Not often a word that sparks fond thoughts or thrilling memories. Although, it does for Emily Greear, a senior from Abingdon, Virginia, who attended a month-long educational exchange program in Italy over the summer.

Living in a small Italian village and attending classes with students from Brazil, United Arab Emirates, Italy, and other countries around the world, Greear exchanged many colloquialisms with locals and other international students during her stay. “Yikes” was of particular interest to one Italian classmate who later asked for more “cool American slang words,” and it now remains a vivid example of unique cultural transactions for Greear.

Greear was one of two Virginia Tech Agricultural and Applied Economics students to travel over 4,000 miles from Blacksburg to attend an International Business School program on International Management and Leadership at the CUOA Business School in Alta villa Vicentina, Italy.

“The whole experience heightened our global curiosity in wanting to understand cross-cultural leadership and business skills,” said Matt Rowe, a senior from Roanoke, Virginia, who also attended the program.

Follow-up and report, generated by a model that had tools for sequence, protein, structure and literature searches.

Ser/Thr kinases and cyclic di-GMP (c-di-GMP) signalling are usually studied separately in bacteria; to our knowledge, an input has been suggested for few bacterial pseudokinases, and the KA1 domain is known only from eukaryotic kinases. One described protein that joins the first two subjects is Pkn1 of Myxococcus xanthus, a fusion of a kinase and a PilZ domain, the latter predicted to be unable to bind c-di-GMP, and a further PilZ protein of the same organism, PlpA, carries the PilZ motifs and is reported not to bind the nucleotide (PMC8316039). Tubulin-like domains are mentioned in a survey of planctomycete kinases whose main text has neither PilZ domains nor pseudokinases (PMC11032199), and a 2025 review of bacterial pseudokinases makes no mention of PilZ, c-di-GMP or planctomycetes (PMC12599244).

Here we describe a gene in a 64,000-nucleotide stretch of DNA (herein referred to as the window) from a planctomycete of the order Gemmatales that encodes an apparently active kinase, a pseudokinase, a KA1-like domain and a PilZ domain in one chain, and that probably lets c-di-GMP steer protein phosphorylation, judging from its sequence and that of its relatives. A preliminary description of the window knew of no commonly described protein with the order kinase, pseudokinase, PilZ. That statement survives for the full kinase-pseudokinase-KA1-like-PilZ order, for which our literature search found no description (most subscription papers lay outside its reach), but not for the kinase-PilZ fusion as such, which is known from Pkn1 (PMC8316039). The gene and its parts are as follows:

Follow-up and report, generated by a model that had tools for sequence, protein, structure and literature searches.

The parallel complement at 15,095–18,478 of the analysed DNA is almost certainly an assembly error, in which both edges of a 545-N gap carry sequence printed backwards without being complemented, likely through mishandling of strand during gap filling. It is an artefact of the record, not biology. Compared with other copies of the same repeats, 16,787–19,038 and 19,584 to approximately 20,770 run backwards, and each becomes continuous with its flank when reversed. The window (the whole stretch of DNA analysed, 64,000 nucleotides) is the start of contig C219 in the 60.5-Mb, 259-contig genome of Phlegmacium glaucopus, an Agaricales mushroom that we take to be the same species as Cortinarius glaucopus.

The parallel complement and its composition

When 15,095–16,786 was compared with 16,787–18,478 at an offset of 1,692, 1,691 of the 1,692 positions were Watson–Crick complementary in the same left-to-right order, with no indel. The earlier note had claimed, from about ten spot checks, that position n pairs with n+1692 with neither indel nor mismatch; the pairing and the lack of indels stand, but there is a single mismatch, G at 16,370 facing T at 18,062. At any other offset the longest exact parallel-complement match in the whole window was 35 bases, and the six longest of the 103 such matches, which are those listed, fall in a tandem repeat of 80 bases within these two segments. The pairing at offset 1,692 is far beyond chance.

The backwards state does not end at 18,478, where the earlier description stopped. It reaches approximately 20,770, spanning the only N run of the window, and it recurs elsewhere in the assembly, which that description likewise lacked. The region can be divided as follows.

Greear and Rowe were the only U.S. students in a cohort of 100.

“I was shocked by how welcoming everyone was and how much they wanted to get to know you and build a network,” said Greear.

But with 98 other classmates including young adults and experienced professionals, excursions to the World Trade Organization and the United Nations, plus extra travel time, Greear and Rowe gained much more than a network. In the classroom, Greear and Rowe gained knowledge, learning frameworks for understanding global management and leadership and connecting principles they had previously learned in Ambassador Richard Crowder’s negotiation class. But outside the classroom – living independently, traveling solo, and learning how to connect with diverse populations – they gained confidence, knowledge, and global leadership competence.

“It gave us a strong background on ways to be respectful, ways to interact, and ways to approach things in a successful business sense,” said Greear, who hopes to pursue a career in international trade.

Classes focused on leadership theories and included projects, simulations, and industry visits to drive home key points including ways to learn your leadership style and how to draw out leadership traits in others – things Rowe and Greear see themselves doing in future careers.

Rowe plans to use his newfound leadership traits and his learned knowledge on cultivating leaders working with students in a Higher Education role after he graduates next spring, while Greear has plans to pursue a Master’s degree upon graduation.

But whether these two young leaders end up two feet or 10,000 miles from the doors of Hutcheson Hall, they are confident that the skills, knowledge, and memories gained in Italy will stick with them far into the future.



Jillian Broadwell